After many years of trying to explain the complexity of symptoms to patients, I came across an idea that seems to be getting traction.
99% of people that come to see me are in pain of some sort. Their pain could be showing up in their back, their hips, knees, feet, neck, shoulder, butt, hamstrings, headaches, or whatever. I always struggled on how to explain to patients that their problem (in most cases) didn’t happen at the same time the pain appeared. To be more specific, the cause of the problem is one thing, the awareness of the problem or pain is another. It’s very normal to link both events together.
Remember way back when you were a little tike and you first smashed your 2 little fingers with a red brick you were playing with and it hurt like !*#$%? Well, that’s what I recall as my first lesson in pain and at that point my little brain started putting it together … brick…heavy…fingers…soft..brick on fingers = instant pain= “When I do this, this happens”.
As we get older we equate the initial awareness of pain with the start of the problem. “I woke up with the Flu”, “All I did was pick up the razor and now I can’t move my back”, “Everything was fine yesterday”, “I haven’t done anything different”, and even “I felt good last week and now they tell me I have cancer”.
Somewhere along our life’s journey we started thinking that we are more like our cars and computers than like the living environment that surrounds us. When you break something mechanical, the results are immediately obvious. Smash your car; you see it. Hot water heater fails; you feel it. Computer crashes; you yell at it. Just as importantly, these things seem pretty straightforward to repair.
In contrast, when a living thing or system starts to have problems, the symptoms may not be apparent for days, weeks or years because there’s a sub-threshold adaptation process occurring that we can’t see or feel. The cold you woke up with probably started 4 days ago (when you were exposed to a virus) and just reached threshold (awareness) today.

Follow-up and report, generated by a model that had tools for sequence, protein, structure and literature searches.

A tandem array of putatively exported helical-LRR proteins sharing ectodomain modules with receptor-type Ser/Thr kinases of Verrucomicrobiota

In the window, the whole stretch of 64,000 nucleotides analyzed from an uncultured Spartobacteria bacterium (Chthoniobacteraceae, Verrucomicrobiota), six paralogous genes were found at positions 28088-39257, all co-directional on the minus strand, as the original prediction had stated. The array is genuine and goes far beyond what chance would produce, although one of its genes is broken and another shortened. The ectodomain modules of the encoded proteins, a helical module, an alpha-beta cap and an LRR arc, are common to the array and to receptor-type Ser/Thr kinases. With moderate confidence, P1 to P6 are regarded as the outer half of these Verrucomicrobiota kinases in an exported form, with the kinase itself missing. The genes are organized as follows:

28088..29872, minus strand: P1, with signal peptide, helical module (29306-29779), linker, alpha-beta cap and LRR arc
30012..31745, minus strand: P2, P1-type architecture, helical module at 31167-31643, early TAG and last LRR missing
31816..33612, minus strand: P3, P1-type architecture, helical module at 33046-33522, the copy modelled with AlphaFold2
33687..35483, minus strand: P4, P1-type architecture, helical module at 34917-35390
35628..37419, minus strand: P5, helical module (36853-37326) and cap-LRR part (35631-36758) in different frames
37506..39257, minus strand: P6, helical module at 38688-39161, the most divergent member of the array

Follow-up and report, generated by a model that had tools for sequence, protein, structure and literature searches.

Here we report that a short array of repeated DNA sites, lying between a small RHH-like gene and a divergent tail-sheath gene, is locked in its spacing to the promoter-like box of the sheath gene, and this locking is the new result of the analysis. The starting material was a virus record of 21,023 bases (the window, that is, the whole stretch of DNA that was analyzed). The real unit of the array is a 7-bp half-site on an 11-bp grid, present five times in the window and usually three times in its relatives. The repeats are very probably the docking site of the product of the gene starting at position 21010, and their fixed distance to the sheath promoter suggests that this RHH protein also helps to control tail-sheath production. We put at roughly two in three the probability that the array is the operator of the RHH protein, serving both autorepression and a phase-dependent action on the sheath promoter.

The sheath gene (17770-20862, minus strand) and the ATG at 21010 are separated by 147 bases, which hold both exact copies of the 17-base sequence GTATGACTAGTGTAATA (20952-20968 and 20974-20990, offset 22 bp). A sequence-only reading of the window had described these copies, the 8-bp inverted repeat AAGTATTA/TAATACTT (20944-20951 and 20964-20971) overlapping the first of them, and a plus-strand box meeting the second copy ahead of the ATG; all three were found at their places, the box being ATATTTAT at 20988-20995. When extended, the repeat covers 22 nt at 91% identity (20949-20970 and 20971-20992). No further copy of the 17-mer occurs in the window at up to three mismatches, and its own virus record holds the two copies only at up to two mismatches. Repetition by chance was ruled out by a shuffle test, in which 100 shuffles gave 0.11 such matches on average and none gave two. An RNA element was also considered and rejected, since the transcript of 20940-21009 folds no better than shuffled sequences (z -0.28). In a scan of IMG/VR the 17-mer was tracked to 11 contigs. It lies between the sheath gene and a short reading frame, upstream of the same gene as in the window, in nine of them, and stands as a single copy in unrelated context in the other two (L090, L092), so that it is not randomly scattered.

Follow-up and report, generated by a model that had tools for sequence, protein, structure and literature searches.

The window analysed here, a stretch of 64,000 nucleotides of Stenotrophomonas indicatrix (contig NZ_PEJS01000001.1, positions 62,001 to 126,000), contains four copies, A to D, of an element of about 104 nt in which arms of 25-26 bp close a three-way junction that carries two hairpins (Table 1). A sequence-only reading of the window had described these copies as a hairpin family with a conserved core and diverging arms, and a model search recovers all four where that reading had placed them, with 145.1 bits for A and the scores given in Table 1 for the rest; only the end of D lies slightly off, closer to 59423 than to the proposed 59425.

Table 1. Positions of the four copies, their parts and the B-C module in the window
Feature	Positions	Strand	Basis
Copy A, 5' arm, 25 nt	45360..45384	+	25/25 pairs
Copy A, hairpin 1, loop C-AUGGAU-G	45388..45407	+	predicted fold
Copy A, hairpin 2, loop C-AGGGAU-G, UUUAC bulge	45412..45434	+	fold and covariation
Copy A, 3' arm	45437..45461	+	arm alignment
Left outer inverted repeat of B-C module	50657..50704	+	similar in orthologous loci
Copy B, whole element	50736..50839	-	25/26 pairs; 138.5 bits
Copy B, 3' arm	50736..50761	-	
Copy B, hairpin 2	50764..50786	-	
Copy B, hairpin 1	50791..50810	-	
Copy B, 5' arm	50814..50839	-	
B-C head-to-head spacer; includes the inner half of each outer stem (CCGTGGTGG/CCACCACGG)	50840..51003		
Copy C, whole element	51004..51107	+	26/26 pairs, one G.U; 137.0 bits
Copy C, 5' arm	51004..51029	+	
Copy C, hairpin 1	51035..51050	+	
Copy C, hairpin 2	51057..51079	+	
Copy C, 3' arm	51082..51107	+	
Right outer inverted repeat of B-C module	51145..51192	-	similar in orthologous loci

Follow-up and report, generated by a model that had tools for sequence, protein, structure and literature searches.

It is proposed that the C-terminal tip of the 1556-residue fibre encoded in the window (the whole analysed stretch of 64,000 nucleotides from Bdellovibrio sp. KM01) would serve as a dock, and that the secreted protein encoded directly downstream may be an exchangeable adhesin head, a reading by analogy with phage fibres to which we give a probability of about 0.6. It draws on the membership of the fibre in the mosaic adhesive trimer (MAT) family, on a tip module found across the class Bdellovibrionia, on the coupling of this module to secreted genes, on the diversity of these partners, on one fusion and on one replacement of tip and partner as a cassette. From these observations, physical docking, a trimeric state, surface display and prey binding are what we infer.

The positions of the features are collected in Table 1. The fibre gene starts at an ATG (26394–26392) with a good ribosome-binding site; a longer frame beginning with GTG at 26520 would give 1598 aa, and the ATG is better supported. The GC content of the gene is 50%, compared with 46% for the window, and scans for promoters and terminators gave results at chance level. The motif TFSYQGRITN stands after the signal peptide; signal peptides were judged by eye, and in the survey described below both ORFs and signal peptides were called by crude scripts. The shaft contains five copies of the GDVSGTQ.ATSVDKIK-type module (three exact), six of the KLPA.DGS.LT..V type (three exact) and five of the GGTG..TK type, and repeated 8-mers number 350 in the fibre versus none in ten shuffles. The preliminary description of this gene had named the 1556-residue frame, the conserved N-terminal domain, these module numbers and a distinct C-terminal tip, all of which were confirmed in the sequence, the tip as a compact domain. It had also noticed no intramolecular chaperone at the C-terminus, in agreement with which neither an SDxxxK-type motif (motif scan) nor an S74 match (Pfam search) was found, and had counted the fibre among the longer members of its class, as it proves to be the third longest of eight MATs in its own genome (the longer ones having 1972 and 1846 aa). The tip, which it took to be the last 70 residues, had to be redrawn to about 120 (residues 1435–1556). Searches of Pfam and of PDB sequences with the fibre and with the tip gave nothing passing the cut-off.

Think about it. The grass isn’t going to turn from lush green to brown overnight if your sprinkler system broke in the middle of a hot summer is it? And when you discovered it, the mechanical sprinklers should be pretty easy and quick to fix, but how many days or weeks will it take to get the lawn healthy again?
Complex systems are usually able to do and perform a lot more than simple systems. And since we ask our bodies to do just about everything imaginable and we’re about the most complex things on the planet, observing subtle changes can be difficult at best.
I propose that instead of thinking on/off, feeling good/feeling bad we consider the idea that we remember we are really Human Beings (living) not Humans doing (mechanical) and therefore will go through millions of changes and adaptations in a lifetime.
This will help us make better decisions on how to develop long term strategies to take care of our bodies and develop expectations that are more in line with the rhythms of nature. This seems much more sensible than the distortions of the quick fix mechanical approach we seem to default to.
Dr. Michael Cerami is an avid runner, cyclist and triathlete. He is available for a no change consultation one Saturday per month at The Salt Lake Running Company (700 E store) by appointment. He can be reached at 801-486-1818 or online at www.utahsportsandwellness.com